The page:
While legislative leaders were cautiously hopeful Monday they could recommend a bipartisan state budget deal by early next week, whether it would be a package rank-and-file lawmakers could accept remained uncertain.
While no one offered promises or guarantees, leaders from both parties said they had discussed proposals in recent days they would not have considered eight months ago when the budget debate began.
For Democrats that means not only deeper spending cuts than they’ve supported, but more restrictive, GOP-crafted caps on future appropriations and borrowing.
For the Republicans, who already have supported tax-and-fee hikes worth $840 million across this fiscal year and next — and canceling another $50 million in previously approved tax relief — it means considering even more new revenue, but not the $1.5 billion hike sought by Democrats.
“I think we’ve made tremendous strides” toward a new, two-year budget, Senate Republican leader Len Fasano of North Haven said after leaders wrapped six hours of closed-door, bipartisan talks Monday.
“I think we’re hopeful,” House Speaker Joe Aresimowicz, D-Berlin, said. “I think we’re all working toward that goal.”
After pushing competing budget plans for much of the summer, legislative leaders renewed their push for a bipartisan deal last week after Gov. Dannel P. Malloy — who has run state finances by executive order in the absence of a new budget — imposed deep cuts on municipal aid.
By this point one year ago, communities already had received $425 million more in state assistance than they have since the latest fiscal year began July 1.
Municipal leaders have warned unless that changes soon, communities will be forced to lay off staff, drain budget reserves, issue supplemental property tax bills, or impose some combination of those choices,
While those state grant cuts have placed pressure on all legislators, Democrats have been under even more strain because Hartford’s city finances are projected to reach insolvency by early November. While Democrats largely have been unified in saying the capital city should be kept out of bankruptcy, the last GOP budget proposal would have given the city less than one-sixth of the aid Mayor Luke Bronin says is needed to avert insolvency.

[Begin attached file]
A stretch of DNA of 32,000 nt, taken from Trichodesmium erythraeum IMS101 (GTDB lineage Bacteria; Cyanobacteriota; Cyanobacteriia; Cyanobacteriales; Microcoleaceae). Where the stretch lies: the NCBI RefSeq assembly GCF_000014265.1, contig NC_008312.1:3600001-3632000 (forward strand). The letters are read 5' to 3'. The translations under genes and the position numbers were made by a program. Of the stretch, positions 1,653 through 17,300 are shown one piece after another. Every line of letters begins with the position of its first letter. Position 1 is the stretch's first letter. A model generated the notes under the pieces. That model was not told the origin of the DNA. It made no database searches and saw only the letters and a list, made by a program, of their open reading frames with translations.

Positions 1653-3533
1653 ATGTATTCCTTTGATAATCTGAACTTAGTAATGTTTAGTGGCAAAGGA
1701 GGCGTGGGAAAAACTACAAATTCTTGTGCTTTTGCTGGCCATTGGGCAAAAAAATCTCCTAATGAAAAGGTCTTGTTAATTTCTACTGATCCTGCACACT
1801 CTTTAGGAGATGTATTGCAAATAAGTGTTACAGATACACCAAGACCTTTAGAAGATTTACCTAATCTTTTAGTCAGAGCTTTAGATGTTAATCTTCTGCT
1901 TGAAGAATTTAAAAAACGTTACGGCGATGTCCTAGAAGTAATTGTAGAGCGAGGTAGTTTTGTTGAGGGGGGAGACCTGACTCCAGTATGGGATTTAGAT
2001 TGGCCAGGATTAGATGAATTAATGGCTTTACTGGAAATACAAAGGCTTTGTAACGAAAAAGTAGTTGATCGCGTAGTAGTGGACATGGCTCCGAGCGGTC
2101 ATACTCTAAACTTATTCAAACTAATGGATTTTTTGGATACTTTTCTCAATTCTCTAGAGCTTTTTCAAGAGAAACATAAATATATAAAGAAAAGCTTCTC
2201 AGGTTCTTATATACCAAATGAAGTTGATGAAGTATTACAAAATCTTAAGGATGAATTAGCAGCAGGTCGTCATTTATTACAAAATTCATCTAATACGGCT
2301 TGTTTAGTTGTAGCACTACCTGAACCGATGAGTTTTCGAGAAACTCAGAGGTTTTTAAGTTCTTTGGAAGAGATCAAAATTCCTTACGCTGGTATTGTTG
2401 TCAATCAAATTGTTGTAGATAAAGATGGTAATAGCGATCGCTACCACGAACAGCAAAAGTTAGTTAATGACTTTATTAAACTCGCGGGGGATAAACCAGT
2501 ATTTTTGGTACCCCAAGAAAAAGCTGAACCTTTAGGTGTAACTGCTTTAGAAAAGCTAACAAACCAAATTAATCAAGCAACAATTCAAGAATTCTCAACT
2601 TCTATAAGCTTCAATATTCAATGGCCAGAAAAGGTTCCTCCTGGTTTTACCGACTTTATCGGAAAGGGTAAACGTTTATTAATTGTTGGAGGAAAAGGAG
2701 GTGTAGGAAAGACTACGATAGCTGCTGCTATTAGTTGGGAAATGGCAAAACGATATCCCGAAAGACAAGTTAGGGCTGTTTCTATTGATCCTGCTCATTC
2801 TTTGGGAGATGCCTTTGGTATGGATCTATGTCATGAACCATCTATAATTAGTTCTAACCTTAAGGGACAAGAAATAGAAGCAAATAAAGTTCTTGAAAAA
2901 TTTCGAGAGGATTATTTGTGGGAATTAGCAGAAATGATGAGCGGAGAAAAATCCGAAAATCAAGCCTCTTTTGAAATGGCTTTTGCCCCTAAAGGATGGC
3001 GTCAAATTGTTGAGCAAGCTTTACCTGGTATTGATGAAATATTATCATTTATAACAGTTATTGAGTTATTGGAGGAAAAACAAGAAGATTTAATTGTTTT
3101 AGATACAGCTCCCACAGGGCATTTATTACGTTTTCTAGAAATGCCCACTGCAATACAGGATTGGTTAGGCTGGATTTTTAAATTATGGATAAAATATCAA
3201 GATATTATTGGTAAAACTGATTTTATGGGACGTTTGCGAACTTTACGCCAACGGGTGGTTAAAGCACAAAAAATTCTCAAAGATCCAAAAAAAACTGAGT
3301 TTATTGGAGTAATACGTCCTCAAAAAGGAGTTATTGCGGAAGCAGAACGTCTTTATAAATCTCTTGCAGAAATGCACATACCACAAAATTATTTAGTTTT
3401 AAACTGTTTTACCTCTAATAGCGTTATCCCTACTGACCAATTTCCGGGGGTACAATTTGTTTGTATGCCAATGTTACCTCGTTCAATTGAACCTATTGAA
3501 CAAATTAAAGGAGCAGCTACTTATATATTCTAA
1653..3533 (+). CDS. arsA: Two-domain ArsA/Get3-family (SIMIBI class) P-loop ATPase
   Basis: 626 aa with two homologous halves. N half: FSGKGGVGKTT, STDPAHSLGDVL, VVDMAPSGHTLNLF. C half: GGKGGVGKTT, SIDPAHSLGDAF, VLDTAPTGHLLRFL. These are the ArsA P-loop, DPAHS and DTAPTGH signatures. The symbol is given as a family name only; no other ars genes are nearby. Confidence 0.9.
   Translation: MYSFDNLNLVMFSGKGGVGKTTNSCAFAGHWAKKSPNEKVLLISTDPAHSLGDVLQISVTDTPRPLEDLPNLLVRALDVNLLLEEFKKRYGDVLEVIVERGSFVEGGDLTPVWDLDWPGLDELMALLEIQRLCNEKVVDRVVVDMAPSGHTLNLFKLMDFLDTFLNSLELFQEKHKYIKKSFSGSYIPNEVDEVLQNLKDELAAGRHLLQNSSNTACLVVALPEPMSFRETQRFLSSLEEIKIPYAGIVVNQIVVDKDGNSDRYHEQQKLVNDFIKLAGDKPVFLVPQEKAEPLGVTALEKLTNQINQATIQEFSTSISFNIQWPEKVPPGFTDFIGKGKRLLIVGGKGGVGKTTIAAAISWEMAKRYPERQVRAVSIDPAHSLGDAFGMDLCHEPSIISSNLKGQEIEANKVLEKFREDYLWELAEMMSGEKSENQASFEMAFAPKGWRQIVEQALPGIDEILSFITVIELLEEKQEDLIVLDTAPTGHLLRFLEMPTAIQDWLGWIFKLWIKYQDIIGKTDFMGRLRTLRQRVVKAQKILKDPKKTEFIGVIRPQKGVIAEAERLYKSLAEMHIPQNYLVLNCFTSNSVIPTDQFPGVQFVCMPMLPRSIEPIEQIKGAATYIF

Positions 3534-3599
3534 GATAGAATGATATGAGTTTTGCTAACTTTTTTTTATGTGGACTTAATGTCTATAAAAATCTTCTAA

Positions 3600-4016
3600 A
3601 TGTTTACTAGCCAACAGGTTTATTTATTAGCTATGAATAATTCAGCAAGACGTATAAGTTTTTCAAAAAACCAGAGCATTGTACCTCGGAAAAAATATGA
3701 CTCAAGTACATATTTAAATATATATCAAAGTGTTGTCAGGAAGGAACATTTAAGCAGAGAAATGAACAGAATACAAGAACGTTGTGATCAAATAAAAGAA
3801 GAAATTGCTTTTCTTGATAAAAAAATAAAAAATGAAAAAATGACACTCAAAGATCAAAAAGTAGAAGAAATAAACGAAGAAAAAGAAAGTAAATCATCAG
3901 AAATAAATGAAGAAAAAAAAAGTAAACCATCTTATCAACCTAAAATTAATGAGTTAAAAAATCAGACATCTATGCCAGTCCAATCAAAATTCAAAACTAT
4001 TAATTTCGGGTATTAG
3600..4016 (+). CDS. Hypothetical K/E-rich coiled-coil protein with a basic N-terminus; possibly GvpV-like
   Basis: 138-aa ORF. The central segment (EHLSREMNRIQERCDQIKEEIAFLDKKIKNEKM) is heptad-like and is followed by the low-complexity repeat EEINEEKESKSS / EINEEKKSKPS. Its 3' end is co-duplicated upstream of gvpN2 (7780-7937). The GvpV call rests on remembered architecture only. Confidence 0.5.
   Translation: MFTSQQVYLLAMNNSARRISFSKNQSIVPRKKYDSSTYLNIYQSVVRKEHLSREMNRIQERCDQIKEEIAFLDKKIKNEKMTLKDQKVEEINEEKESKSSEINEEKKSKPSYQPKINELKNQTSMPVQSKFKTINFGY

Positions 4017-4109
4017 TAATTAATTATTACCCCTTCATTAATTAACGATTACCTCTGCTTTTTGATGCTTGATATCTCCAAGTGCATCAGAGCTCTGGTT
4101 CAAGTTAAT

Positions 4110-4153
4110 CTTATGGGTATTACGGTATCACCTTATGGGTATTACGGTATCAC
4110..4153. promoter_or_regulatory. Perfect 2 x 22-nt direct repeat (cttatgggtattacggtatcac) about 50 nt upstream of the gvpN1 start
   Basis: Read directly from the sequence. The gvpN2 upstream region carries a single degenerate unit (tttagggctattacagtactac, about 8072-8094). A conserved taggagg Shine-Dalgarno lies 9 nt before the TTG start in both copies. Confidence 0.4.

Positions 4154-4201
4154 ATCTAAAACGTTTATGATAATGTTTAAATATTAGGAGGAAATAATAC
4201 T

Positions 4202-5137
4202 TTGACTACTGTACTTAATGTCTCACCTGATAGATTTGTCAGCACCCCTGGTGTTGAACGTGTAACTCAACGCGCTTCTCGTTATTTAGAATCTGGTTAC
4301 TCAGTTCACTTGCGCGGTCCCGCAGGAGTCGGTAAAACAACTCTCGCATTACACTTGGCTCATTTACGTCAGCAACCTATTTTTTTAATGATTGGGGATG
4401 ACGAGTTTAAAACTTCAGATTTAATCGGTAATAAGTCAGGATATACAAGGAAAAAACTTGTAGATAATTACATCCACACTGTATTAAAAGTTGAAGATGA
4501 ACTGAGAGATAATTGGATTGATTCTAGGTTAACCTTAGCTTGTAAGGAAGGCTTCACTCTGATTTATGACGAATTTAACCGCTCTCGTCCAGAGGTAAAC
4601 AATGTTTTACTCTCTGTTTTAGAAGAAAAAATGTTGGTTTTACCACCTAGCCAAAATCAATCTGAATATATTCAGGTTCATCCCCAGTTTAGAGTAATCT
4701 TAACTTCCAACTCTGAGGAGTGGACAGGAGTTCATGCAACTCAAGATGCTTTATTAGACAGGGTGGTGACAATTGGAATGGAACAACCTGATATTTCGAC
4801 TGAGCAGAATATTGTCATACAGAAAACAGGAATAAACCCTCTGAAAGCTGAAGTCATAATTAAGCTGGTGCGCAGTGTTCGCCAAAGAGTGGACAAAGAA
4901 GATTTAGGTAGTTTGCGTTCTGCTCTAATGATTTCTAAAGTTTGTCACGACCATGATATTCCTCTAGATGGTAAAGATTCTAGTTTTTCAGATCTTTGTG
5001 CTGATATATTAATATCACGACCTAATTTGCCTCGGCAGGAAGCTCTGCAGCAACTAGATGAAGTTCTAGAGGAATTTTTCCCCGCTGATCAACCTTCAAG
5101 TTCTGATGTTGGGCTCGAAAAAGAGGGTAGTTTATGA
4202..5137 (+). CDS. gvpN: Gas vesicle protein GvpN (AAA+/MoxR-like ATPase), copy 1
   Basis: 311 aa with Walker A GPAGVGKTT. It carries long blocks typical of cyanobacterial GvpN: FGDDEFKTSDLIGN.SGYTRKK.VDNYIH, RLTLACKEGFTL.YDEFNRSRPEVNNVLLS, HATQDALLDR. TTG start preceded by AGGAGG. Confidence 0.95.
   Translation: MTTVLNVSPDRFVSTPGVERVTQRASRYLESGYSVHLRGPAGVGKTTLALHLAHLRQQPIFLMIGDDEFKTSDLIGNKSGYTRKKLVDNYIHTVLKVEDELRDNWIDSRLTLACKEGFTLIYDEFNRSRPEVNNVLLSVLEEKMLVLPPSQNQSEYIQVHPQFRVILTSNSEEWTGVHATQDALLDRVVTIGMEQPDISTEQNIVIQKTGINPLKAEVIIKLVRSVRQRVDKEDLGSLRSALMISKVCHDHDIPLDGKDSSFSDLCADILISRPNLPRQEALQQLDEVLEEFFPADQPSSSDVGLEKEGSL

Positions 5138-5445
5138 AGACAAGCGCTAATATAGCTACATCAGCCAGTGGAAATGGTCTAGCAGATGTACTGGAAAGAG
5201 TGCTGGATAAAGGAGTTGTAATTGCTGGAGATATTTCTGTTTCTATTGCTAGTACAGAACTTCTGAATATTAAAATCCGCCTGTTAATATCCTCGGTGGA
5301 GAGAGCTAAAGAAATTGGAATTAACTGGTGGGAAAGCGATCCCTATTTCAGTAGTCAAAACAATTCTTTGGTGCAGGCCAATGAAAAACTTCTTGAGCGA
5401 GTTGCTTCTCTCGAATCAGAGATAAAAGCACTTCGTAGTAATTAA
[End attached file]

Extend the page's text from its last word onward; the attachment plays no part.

Malloy warned last week that if a budget deal isn’t reached by Oct. 13, the chances of anything getting done before Nov. 1 are slim because of scheduling conflicts among legislators.
But Senate President Pro Tem Martin M. Looney, D-New Haven, said that prediction was based on the assumption that the legislature — which largely has been divided along partisan lines in the budget debate so far, remains that way.
If both parties back a common plan, it could be passed easily, even if many legislators from both parties are absent from the vote.
“We’re looking at trying to get a consensus product, a bipartisan product,” Looney said.
“We want to make sure we get the right budget done for the state of Connecticut, which means it doesn’t get rushed, but there’s a sense of urgency,” added House Minority Leader Themis Klarides, R-Derby. “I think the goal for all of us is to come up with a budget document that truly represents the state of Connecticut.”
So far, sources close to the talks have said, the push for consensus has required Democrats to drop their longstanding opposition to many GOP ideas regarding new, more restrictive caps on state spending and borrowing.
But that is being done with the expectation Republicans would consider supporting more revenue than they have to date.
Neither Klarides nor Fasano would discuss specifics of what has been discussed in the private negotiations.
But they also drew no hard lines in the sand when characterizing the mood of the talks, nor did they make any guarantees about how their caucuses would react.
“We’ve taken everything into account,” Klarides said. “We’re having conversations about everything, but as with every negotiation, it’s about a give and take, and you have to know you got as much as you took. … That is our individual decision at the end of the day.”
“I think we all recognize to get to a bipartisan budget we need to all give here or give there,” Fasano said, adding GOP leaders also are advocating for the priorities of their respective caucuses. “You cannot have a bipartisan deal unless there is give and take on both sides of the aisle.”
Aresimowicz added that, “Over the past few days there’s been an open, honest dialogue. And I think everybody’s given in areas where in March or April or May we probably wouldn’t have given. We all understand the importance of coming to a budget.”